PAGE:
DETROIT (WWJ) – Fast food, soda and ice cream may be American kids’ favorite menu items, but a new study says junk food is probably the worst thing for children with attention deficit hyperactivity disorder.

A recent study published in the Journal of the American Academy of Pediatrics examined the role of dietary methods for treatment of children with ADHD in cases where medication has proven unsatisfactory or unacceptable.

The study suggests dietary changes, such as avoiding foods that are high in fat and sugar, can be effective in managing the disorder

Dr. J. Gordon Millichap of Chicago’s Children’s Memorial Hospital, who authored the study, said switching your child to healthy foods can ease ADHD. He said this is good news for many people who are opposed to taking medication and looking for an alternative.

“In about 20 percent of cases, people don’t want to use medicine. They are very much adverted to the idea of medication and they want something else,” said Millichap.

The study suggests that people with ADHD could benefit from an “elimination diet, also known as a hypoallergenic diet, which avoids foods most often implicated in food allergies and includes a daily dose of Omega−3 supplement.

Millichap adds, however, that the elimination diet is time-consuming and disruptive to the household, and is not the right solution for every case.

Nonetheless, Millichap believes a healthy diet could be one of the most promising and practical complementary or alternative treatment of ADHD.

Comments (2)
  1. Healthy Jones says:

    These kids need to run, jump, play, get involved with activities that move the body, work the muscles and refine the coordination. Pushing digital devices into the hands of kids continues to erode basic human requirements of building strength, stamina, fitness and great health. Add to this a terrible diet of junk food and you get defective humans. But then what do I know? I’ve done it this way throughout my 62.8 years. I don’t get sick, I don’t have health problems. I found a life style method that works without doctors or special trainers.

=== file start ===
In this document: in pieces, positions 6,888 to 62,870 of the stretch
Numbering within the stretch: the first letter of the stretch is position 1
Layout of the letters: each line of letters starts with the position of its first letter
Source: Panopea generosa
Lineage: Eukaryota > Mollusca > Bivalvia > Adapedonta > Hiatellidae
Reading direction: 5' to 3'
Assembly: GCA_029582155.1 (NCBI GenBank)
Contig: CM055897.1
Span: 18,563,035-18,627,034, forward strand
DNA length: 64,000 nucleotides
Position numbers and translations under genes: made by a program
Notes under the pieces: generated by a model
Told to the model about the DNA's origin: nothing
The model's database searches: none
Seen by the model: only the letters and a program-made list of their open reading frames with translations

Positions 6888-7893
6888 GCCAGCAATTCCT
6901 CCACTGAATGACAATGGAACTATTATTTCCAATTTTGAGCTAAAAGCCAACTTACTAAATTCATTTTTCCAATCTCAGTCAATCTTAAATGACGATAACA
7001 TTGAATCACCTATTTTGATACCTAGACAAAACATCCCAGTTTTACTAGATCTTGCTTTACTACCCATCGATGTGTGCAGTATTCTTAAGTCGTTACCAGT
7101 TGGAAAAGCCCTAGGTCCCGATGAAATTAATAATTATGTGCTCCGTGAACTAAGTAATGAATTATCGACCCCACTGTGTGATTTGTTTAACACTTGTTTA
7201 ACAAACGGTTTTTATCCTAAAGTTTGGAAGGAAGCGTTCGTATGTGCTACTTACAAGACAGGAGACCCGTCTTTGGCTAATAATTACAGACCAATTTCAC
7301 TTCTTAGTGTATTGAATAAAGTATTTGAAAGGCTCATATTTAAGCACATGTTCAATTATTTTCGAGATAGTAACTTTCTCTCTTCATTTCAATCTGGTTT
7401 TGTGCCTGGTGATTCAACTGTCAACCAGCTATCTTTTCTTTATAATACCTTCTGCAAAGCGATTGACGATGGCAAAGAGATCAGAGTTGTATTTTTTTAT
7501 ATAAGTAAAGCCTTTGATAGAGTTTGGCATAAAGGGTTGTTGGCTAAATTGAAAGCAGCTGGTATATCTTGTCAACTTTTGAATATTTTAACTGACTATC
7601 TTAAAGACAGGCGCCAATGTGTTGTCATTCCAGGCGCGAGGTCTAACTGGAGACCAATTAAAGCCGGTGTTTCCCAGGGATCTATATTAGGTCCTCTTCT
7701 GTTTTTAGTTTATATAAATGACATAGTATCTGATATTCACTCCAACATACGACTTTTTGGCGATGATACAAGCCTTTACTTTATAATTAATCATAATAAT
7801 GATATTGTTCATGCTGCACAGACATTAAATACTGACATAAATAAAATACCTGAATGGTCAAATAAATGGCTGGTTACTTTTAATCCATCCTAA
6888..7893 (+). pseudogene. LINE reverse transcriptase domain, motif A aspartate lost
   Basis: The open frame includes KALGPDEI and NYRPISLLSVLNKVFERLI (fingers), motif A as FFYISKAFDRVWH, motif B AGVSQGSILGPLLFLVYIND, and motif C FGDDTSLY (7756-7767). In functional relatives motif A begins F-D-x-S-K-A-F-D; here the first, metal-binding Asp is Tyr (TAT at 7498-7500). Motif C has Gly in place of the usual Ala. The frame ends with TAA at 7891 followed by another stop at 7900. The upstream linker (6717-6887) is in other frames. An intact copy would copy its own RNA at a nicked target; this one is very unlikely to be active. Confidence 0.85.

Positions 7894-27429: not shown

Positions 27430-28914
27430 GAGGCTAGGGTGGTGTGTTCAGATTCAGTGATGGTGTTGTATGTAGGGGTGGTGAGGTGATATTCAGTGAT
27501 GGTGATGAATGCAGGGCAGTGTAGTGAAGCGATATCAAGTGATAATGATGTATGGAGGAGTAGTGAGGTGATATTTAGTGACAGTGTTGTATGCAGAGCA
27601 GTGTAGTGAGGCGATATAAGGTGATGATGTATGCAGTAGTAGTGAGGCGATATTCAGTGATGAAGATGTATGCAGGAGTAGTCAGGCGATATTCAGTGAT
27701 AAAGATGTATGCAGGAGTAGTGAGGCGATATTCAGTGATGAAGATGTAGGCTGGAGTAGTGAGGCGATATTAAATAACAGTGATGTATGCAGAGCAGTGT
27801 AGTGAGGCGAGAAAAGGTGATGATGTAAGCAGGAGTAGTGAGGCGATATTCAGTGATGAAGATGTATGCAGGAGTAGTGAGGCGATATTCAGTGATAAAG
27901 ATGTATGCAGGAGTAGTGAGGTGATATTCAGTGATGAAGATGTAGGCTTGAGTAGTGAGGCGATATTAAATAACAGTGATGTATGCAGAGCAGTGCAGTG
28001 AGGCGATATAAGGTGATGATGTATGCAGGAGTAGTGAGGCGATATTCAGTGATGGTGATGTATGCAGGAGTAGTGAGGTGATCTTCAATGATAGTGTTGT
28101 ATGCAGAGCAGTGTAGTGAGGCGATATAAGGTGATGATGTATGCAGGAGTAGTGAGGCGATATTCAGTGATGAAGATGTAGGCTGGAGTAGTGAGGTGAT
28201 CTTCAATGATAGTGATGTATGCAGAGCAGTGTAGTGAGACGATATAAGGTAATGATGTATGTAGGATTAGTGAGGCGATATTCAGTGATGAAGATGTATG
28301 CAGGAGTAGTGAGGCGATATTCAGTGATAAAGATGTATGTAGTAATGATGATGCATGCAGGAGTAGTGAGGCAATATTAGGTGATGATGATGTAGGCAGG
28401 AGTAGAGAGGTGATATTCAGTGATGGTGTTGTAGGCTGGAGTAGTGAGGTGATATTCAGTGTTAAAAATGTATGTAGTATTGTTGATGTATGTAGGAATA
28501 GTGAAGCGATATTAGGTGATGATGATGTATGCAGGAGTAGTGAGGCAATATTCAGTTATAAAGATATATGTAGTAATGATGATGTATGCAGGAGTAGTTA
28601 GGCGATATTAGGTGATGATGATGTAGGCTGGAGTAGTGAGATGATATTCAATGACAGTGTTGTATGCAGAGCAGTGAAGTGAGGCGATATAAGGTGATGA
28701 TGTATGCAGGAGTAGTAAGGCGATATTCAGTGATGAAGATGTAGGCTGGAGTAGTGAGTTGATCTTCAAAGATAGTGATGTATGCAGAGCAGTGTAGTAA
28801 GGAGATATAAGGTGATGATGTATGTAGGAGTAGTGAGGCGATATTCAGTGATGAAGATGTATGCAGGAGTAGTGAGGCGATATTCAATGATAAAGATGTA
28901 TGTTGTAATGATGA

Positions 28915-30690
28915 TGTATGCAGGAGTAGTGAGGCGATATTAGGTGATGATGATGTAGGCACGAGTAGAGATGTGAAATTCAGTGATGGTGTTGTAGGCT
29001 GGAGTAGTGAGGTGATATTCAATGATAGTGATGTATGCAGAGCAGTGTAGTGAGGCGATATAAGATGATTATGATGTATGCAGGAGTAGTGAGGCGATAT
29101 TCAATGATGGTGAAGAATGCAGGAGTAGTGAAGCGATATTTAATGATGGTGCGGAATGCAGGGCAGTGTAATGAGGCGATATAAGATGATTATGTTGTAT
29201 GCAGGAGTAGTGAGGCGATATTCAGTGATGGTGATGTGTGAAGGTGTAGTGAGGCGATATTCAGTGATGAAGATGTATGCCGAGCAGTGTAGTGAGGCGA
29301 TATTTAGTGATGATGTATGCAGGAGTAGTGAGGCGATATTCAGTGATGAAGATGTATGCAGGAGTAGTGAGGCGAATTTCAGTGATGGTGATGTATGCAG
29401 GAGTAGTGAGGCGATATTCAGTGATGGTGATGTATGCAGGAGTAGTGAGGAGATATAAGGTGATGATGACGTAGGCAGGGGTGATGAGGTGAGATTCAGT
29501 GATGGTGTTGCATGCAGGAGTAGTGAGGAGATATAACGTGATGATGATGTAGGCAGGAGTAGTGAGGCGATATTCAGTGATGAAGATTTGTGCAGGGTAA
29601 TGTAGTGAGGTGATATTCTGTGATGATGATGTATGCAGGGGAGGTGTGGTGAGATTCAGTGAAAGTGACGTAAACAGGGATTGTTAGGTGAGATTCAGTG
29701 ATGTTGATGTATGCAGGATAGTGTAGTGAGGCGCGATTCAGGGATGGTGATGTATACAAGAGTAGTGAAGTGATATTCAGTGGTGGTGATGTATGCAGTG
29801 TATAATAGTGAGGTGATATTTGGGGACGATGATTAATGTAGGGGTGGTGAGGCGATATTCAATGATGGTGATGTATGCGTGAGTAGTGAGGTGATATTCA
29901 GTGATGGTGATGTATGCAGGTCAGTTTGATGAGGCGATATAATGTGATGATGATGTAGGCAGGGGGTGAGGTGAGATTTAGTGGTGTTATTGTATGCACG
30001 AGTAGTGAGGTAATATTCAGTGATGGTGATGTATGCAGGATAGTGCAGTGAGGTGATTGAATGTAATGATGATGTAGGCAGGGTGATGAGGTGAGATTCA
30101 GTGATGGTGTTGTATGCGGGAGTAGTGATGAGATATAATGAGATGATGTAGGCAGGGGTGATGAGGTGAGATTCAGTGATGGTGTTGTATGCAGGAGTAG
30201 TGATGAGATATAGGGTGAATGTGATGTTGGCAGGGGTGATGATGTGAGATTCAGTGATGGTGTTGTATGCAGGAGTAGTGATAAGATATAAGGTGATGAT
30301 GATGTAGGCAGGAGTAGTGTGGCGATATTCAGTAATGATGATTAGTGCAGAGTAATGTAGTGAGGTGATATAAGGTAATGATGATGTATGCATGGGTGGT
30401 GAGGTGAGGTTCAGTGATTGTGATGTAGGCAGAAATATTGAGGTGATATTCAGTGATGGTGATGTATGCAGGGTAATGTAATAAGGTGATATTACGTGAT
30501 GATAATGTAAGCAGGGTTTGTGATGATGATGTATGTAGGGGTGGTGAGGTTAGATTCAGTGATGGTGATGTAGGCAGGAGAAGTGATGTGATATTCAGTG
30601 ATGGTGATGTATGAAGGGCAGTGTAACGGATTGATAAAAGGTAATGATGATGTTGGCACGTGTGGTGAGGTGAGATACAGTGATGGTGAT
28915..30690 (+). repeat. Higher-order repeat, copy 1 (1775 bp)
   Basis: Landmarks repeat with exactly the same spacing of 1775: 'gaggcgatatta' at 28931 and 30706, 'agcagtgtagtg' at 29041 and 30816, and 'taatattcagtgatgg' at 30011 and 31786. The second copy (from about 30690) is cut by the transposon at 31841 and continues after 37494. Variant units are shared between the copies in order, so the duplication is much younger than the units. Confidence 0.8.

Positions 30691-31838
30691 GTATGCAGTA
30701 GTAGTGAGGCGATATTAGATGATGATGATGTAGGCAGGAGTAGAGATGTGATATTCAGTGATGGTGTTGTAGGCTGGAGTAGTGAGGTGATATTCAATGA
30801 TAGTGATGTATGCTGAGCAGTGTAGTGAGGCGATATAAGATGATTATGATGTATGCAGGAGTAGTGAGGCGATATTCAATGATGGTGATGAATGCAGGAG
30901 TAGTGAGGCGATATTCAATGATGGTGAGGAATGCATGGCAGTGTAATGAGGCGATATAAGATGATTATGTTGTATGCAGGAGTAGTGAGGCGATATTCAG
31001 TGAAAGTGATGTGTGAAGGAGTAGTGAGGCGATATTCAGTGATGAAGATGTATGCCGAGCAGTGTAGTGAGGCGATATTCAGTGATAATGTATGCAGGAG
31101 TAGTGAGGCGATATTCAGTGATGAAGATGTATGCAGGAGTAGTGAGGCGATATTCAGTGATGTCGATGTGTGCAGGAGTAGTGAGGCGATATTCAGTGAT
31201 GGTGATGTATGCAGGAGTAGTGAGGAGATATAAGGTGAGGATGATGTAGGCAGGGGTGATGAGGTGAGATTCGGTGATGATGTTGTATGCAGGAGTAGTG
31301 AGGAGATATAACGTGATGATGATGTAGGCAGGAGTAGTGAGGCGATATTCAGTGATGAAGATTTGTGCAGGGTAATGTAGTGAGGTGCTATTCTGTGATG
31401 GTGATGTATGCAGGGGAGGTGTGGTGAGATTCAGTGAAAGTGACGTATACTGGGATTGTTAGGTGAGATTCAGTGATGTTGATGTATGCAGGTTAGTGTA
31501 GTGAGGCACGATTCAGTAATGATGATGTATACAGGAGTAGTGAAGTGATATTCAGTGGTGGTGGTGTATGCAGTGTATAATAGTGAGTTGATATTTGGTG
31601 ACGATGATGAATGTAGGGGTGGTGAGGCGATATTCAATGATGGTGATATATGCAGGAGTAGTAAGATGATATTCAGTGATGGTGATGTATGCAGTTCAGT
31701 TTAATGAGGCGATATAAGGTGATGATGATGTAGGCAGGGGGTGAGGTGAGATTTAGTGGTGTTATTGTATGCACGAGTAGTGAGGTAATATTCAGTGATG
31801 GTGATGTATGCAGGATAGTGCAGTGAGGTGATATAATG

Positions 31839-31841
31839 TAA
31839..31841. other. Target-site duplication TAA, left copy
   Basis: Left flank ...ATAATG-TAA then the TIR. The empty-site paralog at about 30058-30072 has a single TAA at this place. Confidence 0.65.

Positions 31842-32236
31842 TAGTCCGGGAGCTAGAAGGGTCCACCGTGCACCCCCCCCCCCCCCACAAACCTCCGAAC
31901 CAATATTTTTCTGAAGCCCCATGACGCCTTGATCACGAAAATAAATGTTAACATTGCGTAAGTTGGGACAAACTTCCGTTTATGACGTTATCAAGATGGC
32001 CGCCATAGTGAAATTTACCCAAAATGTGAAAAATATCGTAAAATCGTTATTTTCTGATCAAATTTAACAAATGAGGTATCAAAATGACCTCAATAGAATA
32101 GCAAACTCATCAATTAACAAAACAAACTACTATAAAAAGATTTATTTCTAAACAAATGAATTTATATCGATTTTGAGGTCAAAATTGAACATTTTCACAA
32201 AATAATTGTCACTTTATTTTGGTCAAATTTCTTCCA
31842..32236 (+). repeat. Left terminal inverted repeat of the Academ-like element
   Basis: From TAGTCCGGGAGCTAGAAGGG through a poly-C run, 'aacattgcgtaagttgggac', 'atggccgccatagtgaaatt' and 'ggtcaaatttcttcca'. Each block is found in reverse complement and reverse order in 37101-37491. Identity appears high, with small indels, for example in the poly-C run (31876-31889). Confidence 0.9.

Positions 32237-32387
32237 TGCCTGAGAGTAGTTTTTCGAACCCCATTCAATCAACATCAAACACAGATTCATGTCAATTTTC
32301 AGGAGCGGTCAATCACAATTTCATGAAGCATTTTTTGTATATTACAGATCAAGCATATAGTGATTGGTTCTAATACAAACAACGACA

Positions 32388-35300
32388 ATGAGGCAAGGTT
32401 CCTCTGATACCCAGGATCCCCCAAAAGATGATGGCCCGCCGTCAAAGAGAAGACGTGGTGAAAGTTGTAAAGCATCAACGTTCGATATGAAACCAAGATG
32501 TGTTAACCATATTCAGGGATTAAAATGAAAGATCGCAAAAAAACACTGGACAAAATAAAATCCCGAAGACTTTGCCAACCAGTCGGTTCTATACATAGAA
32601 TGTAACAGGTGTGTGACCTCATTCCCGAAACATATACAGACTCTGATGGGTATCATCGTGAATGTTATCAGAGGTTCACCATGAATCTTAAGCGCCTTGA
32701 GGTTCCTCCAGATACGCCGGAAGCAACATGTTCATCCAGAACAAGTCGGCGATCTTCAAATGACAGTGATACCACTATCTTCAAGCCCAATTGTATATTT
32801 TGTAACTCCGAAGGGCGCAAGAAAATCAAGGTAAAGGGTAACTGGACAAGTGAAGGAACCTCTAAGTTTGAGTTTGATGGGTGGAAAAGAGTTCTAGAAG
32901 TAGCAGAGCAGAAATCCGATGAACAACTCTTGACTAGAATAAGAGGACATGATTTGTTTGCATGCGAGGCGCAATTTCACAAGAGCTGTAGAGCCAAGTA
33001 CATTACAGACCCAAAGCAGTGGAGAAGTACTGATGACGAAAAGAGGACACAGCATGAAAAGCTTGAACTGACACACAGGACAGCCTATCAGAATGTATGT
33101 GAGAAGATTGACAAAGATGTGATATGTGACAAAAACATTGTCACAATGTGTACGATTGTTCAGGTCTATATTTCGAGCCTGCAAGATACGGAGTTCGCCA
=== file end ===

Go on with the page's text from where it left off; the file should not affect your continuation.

2. Jane Hersey says:

    Yes, the article (not study) in Pediatrics noted that giving children healthy food can make a big difference. However, Dr. Millichap’s claim that a diet change is time-consuming and disruptive is not accurate. For 35 years parent volunteers at the nonprofit Feingold Association have been sharing information with other parents and showing them how to make simple changes in their grocery shopping and thus get rid of the most harmful additives. (See Most supermarkets have a huge selection of products without things like petroleum-based dyes. Natural food stores and online options offer lots more, as well as the hard-to-find things like natural gum.
    Modifying your shopping list is not very time-consuming or disruptive, but dealing with a child who is out of control is!

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